How this Happened in the First Place: Baby Girl Grows up
Many people are surprised to find that the feline reproductive system is seasonal. Cats are designed to give birth only during warm months (spring through early fall).
The female cat begins cycling when she has reached 80% of her adult size and when the days are appropriately long. This could be as young as 5 months of age. After age 7 or 8 years, cycles become irregular and there are more complications with birth so it is important to finish a female cat’s breeding career before this time.
Indoor cats are sheltered from the light cycles of the sun and may not cycle as frequently as their outdoor counterparts. On the other hand, breeders who keep their cats completely indoors can manipulate the light cycle of the cattery so as to allow for year round cycling if desired.
Proestrus: This is the time in the cycle when the female begins attracting males but is not yet receptive to their advances. Estrogen is building up and she is preparing for ovulation. The female is extra affectionate at this time, rubbing her head and sticking her rump in the air. She may also urine mark in the house and vocalize loudly and frequently. This period may be as short as 12 hours and as long as two days.
Estrus: The female cat’s behavior continues: rubbing, crying, etc. but the difference here is that the male is accepted when he approaches. This behavior persists approximately 7 days (on the average) and during that time the female’s behavior is often objectionable to the owner. Contrary to previous belief, the act of mating does not shorten the estrus period, although it does substantially lengthen the time before the next estrus period. The female cat is ready to ovulate at this time but will not do so unless a male cat breeds her.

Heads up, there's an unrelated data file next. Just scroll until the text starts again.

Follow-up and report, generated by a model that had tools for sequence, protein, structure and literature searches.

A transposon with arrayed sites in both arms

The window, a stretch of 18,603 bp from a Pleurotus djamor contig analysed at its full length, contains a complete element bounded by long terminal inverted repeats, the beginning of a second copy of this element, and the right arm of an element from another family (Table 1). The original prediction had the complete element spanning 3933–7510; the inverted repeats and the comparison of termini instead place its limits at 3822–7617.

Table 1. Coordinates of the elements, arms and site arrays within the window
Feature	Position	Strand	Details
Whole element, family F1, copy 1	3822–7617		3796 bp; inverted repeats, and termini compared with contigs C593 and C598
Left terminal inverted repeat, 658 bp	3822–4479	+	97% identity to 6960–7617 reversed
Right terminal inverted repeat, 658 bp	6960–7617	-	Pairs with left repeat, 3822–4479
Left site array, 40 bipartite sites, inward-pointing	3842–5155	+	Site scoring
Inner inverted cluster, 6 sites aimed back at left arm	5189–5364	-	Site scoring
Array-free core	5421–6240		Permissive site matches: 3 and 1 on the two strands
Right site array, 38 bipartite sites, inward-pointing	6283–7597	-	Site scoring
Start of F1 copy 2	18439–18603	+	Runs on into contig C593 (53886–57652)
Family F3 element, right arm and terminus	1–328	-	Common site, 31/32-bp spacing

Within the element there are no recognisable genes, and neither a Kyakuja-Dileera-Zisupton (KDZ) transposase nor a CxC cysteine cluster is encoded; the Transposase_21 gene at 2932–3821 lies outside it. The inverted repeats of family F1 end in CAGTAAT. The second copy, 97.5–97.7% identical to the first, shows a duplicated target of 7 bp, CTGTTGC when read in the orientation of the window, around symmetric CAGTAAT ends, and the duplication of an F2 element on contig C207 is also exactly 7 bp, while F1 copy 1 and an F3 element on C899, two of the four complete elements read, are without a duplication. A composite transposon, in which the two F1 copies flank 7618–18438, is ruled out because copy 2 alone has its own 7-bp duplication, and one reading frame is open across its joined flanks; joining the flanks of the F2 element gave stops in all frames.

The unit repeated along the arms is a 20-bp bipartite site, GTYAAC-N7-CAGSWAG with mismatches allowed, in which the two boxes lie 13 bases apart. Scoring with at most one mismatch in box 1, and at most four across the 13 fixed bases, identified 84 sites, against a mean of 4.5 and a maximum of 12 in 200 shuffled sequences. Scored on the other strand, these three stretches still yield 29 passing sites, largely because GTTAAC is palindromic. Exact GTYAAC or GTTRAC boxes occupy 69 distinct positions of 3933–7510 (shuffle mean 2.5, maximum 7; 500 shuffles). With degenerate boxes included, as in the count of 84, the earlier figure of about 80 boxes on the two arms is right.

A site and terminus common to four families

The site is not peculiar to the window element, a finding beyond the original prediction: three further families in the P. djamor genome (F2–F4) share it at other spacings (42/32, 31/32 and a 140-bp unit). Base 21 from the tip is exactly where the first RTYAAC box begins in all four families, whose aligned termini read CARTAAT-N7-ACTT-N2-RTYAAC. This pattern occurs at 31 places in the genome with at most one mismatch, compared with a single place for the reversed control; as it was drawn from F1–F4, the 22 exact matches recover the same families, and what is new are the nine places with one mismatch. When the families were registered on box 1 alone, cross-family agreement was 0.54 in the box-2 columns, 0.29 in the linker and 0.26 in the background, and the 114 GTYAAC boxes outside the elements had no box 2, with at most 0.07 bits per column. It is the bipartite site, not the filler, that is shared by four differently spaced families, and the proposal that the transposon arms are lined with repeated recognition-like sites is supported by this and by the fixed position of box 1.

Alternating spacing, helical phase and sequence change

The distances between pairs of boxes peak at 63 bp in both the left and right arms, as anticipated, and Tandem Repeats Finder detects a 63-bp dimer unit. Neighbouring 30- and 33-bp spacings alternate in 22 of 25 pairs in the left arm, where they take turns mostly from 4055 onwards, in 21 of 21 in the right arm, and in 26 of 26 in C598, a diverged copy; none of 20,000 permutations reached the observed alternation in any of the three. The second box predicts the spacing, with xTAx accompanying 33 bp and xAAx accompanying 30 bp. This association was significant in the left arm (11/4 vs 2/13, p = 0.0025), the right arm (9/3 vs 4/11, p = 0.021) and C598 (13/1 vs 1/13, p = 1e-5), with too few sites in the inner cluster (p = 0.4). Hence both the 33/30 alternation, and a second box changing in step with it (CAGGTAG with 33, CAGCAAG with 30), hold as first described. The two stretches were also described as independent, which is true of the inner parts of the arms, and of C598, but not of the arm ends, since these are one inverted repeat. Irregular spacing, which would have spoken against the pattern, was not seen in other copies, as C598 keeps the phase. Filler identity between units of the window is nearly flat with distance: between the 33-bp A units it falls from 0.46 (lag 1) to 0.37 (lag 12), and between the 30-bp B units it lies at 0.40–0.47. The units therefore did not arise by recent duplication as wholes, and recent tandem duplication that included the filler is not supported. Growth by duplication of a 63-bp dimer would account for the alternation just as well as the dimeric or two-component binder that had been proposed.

Interestrous Period: This is the period between times of behavioral estrus. If the cat is not bred or is bred and fails to ovulate, this time period lasts 8 to 10 days on the average. This means that the yowling, rubbing, urine marking, and other estrous behaviors continue for about a week, then discontinue for about a week, then begin again, back and forth all spring and summer and into the fall until the cat is either bred, spayed, or perceives the coming of winter. This behavior of the mature female cat is often all the motivation it takes for an owner to get her spayed even if she is completely confined indoors and has no chance of unwanted pregnancy.
Diestrus: If the female is bred and ovulates, she goes into this different reproductive stage. Her ovaries prepare for possible pregnancy and she will stay out of heat for at least 35 to 37 days even if she is not pregnant. If she is pregnant, she will carry her kittens for 64 to 66 days before delivering the litter. If for some reason spaying is desired but must be delayed, and yet the estrous behavior is driving the owner crazy, she may be fooled into thinking she has been bred through manipulation with a rectal thermometer. If you are interested in this procedure, contact your veterinarian as it is not as simple as it may sound but is often effective in providing peace at home. Thanks to Dr. Wendy Brooks for this great summary of information!